Racial and Ethnic Disparities in Prevalence and Care of Patients With Type 2 Diabetes
Ferdinand KC, Nasser SA. Racial/ethnic disparities in prevalence and care of patients with type 2 diabetes mellitus. Curr Med Res Opin 2015;31:913–923
This article is a narrative review of the epidemiological data available on diabetes prevalence and care and of studies indexed in PubMed involving trials that evaluated treatments for type 2 diabetes in racial minority populations. The authors examined data from the Centers for Disease Control and Prevention and from the National Health and Nutrition Examination Survey. Table 1 provides a summary of demographic data (1–7). Because of the difficulties in gathering data for all three large racial and ethnic minorities in the United States, disparities are presented solely for African Americans compared to whites and for Hispanics compared to whites. The prevalence of diagnosed type 2 diabetes by racial/ethnic group is as follows: Asians 9.0%, African Americans 13.2%, Hispanic 12.8%, and non-Hispanic whites 7.6%. There is a wide variation in prevalance in the Native American population (e.g., 6.0% in Alaskan Natives and 24.1% in southern Arizona Native American groups) and among Hispanics (e.g., 8.5% in Central/South Americans, 9.3% in Cubans, 13.9% in Mexican Americans, and 14.8% in Puerto Ricans) (8).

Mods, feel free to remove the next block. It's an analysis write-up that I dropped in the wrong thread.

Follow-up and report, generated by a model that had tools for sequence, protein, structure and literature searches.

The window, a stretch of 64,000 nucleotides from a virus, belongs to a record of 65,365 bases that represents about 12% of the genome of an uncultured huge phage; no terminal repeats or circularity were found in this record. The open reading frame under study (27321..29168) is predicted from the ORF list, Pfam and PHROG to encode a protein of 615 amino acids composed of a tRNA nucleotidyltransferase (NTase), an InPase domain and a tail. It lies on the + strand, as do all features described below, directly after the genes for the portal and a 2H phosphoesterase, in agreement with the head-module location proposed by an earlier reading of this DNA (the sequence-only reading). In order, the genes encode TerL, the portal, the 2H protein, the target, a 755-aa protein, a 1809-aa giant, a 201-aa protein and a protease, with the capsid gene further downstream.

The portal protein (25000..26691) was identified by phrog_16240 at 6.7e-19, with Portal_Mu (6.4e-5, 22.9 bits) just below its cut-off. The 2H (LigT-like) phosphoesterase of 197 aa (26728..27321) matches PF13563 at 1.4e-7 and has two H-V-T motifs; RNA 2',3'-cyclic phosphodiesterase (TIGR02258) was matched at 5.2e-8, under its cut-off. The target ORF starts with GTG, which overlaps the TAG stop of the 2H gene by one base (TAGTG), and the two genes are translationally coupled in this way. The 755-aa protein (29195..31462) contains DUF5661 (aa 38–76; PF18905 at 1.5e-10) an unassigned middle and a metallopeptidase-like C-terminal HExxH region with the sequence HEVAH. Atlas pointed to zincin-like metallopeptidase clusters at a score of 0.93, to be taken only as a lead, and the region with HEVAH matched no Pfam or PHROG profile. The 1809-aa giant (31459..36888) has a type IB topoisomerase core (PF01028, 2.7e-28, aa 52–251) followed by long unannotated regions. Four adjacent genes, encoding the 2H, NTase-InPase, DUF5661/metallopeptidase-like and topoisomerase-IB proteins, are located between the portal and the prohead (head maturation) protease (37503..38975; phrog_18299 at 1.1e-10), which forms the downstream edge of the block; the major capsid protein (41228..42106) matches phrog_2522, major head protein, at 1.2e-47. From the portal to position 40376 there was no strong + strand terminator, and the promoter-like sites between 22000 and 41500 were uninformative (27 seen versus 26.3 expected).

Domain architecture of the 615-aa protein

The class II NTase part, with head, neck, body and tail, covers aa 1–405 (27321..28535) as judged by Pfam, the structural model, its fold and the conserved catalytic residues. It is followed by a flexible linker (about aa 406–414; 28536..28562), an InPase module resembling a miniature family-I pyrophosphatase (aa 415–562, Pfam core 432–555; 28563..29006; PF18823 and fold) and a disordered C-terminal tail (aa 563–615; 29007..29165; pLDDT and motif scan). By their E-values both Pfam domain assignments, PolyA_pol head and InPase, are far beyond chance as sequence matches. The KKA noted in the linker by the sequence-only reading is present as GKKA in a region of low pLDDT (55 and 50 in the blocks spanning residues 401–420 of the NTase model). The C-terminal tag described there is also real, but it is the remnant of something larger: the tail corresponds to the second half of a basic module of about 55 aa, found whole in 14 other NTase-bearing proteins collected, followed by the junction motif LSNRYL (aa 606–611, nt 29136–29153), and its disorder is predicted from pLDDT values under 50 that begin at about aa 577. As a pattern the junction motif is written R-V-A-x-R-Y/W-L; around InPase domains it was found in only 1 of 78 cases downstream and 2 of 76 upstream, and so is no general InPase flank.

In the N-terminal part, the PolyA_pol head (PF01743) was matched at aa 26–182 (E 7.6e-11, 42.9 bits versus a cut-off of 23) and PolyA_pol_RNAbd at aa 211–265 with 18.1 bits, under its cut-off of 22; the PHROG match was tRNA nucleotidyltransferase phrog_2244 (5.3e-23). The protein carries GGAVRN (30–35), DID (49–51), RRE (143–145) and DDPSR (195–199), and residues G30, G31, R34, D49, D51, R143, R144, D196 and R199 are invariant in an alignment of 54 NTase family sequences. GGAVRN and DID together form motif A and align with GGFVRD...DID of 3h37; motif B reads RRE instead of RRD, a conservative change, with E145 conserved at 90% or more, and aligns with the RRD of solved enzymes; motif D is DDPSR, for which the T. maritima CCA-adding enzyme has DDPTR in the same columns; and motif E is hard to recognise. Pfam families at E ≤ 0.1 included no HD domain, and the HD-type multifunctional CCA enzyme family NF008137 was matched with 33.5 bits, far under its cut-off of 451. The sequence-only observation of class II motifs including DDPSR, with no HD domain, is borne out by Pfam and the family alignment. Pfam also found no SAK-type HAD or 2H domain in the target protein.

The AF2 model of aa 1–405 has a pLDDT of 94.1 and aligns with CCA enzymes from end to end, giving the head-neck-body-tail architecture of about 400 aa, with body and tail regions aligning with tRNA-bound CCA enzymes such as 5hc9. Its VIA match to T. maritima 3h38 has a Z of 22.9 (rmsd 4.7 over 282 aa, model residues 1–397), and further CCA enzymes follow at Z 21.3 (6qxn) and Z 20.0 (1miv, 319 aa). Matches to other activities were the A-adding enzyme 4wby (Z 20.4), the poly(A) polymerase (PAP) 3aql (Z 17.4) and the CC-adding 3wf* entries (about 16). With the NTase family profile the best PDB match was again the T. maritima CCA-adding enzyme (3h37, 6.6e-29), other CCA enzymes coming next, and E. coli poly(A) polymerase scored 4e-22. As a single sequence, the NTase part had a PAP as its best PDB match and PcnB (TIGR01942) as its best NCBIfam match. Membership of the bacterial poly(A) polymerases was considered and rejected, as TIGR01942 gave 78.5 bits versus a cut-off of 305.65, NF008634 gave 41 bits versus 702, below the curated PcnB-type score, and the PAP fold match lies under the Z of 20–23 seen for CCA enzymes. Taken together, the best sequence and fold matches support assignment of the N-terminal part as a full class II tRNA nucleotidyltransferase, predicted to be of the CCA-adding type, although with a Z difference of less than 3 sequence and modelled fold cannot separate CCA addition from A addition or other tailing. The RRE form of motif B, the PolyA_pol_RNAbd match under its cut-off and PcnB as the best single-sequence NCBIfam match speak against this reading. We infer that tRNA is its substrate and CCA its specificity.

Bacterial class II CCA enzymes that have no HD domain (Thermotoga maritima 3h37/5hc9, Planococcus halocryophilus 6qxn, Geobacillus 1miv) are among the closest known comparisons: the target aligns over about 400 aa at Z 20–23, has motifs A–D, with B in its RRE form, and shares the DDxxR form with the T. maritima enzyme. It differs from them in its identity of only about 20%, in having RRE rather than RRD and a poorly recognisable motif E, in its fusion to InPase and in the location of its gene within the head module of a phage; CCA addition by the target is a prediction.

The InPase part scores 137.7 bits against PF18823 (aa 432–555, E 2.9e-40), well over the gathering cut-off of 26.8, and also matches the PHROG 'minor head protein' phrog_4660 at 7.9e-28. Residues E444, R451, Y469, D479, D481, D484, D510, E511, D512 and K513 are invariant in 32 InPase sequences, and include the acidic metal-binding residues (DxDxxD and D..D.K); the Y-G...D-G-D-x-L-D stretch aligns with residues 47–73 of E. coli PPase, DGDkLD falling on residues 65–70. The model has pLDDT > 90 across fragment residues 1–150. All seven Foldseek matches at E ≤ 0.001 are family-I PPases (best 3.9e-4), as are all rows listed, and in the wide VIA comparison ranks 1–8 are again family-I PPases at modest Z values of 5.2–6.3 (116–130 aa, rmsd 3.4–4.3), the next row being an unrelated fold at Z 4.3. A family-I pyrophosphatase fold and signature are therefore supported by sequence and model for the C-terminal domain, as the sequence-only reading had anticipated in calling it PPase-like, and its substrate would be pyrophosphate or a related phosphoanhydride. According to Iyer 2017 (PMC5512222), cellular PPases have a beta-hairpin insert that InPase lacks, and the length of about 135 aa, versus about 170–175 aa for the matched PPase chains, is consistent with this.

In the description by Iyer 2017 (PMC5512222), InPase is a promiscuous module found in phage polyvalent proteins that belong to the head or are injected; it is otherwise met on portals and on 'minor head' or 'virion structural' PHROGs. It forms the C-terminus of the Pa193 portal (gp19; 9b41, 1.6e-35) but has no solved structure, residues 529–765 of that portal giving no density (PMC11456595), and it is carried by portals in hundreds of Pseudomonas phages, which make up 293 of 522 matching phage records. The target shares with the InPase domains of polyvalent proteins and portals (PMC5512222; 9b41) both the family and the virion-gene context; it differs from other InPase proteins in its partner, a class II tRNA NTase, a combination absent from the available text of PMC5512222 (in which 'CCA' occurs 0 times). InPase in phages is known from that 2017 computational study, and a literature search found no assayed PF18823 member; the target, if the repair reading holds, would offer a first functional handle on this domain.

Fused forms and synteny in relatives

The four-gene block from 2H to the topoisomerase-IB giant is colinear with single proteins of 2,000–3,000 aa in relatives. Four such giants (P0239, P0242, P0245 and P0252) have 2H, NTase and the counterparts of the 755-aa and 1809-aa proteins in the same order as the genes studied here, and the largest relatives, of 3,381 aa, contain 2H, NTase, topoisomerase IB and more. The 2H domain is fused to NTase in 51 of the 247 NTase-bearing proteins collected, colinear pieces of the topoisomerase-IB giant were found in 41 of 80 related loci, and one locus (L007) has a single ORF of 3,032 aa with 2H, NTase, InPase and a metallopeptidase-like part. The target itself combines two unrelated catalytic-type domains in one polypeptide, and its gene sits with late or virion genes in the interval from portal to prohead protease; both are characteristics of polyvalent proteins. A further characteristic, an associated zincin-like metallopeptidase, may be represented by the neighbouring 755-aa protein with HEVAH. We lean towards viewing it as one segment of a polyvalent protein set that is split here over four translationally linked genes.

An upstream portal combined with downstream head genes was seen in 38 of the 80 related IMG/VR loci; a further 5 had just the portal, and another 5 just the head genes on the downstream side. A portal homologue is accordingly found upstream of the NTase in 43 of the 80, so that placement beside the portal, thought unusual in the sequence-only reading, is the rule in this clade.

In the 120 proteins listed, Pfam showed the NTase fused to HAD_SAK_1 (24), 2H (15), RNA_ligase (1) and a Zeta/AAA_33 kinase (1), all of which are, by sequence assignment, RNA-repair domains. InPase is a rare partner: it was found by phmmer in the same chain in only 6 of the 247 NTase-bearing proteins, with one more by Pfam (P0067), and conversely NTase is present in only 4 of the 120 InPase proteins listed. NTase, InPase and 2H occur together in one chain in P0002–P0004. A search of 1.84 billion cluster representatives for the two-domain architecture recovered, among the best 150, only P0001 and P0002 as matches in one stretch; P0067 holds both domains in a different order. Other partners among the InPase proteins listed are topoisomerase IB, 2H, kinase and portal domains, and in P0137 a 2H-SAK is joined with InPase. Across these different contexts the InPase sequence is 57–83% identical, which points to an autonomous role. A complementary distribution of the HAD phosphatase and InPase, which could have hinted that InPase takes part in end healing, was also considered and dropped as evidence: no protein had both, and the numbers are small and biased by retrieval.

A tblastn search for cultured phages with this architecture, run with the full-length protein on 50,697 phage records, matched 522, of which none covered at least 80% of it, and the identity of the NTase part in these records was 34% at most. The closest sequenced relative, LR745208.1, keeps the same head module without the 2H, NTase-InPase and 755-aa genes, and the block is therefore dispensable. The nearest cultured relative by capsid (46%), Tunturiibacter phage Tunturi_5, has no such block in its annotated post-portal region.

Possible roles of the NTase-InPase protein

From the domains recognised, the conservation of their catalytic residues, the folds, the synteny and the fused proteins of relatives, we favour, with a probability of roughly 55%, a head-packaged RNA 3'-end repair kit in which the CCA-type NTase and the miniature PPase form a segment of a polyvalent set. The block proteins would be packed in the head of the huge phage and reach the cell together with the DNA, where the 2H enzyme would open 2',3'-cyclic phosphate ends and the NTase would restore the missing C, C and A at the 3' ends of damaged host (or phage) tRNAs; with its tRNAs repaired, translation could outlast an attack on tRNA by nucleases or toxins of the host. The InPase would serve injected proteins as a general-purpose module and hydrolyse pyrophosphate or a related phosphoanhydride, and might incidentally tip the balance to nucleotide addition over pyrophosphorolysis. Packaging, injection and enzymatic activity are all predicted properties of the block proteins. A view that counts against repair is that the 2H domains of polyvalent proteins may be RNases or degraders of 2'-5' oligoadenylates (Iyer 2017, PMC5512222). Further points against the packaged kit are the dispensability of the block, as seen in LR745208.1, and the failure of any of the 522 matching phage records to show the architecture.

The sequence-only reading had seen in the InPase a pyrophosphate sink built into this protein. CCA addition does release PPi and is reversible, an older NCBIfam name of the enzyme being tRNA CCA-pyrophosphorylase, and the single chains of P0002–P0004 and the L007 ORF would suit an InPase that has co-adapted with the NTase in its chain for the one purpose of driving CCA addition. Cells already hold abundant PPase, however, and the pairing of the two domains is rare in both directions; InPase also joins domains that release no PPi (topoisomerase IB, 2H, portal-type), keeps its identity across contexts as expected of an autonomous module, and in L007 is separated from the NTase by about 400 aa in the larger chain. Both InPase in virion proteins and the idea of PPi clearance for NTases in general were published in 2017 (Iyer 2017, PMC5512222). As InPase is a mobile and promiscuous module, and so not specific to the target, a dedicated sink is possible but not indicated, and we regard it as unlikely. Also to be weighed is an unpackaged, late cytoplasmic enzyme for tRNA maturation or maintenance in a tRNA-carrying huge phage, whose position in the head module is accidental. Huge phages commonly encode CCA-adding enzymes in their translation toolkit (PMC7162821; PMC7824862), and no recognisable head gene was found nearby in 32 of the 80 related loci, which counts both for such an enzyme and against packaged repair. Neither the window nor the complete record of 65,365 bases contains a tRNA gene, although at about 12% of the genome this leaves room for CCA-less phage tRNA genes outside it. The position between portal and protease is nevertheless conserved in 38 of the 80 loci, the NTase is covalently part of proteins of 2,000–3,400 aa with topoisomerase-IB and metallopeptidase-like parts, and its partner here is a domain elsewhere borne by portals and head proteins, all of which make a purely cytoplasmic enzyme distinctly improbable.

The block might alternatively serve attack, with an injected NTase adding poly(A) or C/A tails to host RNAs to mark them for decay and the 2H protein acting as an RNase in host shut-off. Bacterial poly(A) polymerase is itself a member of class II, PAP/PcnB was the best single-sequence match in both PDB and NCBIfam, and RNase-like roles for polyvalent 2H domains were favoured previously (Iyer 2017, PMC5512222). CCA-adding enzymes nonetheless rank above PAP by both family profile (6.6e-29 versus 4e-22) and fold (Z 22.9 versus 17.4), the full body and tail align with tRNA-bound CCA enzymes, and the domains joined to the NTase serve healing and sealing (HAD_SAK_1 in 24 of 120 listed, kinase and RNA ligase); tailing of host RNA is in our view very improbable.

Objective. The purpose of this study was to identify and describe all clinical drug trials for type 2 diabetes that included Asians, African Americans, or Hispanics.
Design. The authors conducted a literature review of studies indexed in MEDLINE and accessed through PubMed.
Methods. The authors searched …